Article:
*Ask Uncle Colin* is a chance to ask your burning, possibly embarrassing, maths questions -- and to show off your skills at coming up with clever acronyms. Send your questions to colin@flyingcoloursmaths.co.uk and Uncle Colin will do what he can.

Dear Uncle Colin,

When I differentiate $y=2x^2 + 7x + 2$ and apply the $nx^{n-1}$ rule, why do I only apply it to the $2x^2$ and the $7x$ but not the 2?

— Nervous Over Rules, Mathematically A Liability

Hi, NORMAL, and thanks for your message!

There are several ways to answer that, but I'll limit myself to two.

The first is to say "actually, you *do* apply the rule to the 2." The constant term in your polynomial isn't *just* the number 2, but really $2x^0$. When you apply the stated rule to that, you get $0\times 2x^{-1}$ — and ignoring a local difficulty at $x=0$, which can be cleared up with a bit of deep-level tinkering^{1} — that's always 0. That means we can ignore constant terms when differentiating.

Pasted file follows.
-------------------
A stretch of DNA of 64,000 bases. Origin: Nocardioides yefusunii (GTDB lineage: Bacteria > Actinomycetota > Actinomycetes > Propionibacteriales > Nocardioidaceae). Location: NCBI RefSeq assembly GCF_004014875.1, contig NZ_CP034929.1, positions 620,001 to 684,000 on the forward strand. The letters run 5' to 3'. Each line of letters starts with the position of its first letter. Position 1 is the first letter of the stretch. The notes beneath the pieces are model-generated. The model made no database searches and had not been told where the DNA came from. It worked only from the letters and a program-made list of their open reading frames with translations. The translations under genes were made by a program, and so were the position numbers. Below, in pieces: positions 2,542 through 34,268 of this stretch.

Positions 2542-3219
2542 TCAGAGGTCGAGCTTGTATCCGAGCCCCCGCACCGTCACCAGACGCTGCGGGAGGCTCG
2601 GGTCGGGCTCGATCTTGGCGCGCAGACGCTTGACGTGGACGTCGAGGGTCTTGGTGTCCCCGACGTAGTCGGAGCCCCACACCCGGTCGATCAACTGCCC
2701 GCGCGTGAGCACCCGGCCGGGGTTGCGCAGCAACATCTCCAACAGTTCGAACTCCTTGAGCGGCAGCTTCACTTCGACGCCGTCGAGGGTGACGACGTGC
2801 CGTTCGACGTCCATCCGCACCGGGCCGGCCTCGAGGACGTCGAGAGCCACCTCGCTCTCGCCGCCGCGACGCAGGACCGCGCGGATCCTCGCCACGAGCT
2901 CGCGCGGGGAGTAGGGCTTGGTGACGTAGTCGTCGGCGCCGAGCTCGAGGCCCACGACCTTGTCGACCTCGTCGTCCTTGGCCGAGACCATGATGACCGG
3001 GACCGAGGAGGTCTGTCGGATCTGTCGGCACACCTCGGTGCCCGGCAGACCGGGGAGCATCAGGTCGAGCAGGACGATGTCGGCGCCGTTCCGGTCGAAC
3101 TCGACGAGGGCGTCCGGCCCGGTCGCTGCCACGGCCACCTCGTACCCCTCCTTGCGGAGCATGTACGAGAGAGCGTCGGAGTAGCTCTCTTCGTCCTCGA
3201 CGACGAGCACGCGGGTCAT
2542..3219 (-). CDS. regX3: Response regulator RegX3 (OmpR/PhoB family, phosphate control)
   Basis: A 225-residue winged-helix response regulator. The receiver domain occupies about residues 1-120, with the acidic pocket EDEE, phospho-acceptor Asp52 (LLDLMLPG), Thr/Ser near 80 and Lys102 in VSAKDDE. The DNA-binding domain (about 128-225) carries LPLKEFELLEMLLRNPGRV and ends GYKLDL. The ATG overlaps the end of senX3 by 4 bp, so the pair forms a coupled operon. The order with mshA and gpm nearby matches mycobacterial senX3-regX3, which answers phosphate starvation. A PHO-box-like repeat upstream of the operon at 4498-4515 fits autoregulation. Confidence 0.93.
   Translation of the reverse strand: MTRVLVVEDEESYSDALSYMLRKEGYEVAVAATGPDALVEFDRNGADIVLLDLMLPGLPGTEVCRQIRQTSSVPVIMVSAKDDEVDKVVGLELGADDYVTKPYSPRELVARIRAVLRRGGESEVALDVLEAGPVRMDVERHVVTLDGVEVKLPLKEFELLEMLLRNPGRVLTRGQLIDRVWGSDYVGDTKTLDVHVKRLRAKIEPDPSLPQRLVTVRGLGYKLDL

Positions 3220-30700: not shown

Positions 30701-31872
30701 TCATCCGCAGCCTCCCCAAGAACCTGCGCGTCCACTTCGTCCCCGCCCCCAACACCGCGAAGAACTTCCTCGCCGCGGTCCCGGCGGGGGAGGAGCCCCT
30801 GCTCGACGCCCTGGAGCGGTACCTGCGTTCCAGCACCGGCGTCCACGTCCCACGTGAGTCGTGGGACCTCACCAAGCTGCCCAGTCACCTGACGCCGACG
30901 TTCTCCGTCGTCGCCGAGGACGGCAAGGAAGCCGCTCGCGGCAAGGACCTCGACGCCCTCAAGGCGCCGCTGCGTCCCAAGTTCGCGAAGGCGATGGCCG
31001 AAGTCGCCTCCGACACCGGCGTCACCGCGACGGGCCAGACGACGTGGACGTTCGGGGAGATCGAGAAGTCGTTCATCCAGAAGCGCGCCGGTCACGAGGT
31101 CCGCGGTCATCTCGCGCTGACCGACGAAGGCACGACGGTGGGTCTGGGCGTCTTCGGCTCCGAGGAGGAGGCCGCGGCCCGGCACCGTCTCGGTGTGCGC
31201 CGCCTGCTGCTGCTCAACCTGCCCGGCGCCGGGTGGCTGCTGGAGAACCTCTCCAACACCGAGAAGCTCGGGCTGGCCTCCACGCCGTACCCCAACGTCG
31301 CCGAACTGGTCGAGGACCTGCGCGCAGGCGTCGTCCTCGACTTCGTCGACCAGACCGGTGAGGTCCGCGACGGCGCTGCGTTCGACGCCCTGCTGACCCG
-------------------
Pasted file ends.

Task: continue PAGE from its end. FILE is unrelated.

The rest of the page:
Now, I don't much like the rule — only partly because of that local difficulty. Instead, I like to think about what the constant term does to the gradient of the curve. If you move the entire curve up or down two units, the gradient at any given $x$-value doesn't change – so the constant term makes no contribution to the gradient, and can be ignored when differentiating.

Hope that helps!

— Uncle Colin

## Colin

Colin is a Weymouth maths tutor, author of several Maths For Dummies books and A-level maths guides. He started Flying Colours Maths in 2008.
He lives with an espresso pot and nothing to prove.

## Stephen Cavadino

This is almost word for word the answer I give my students to the same question!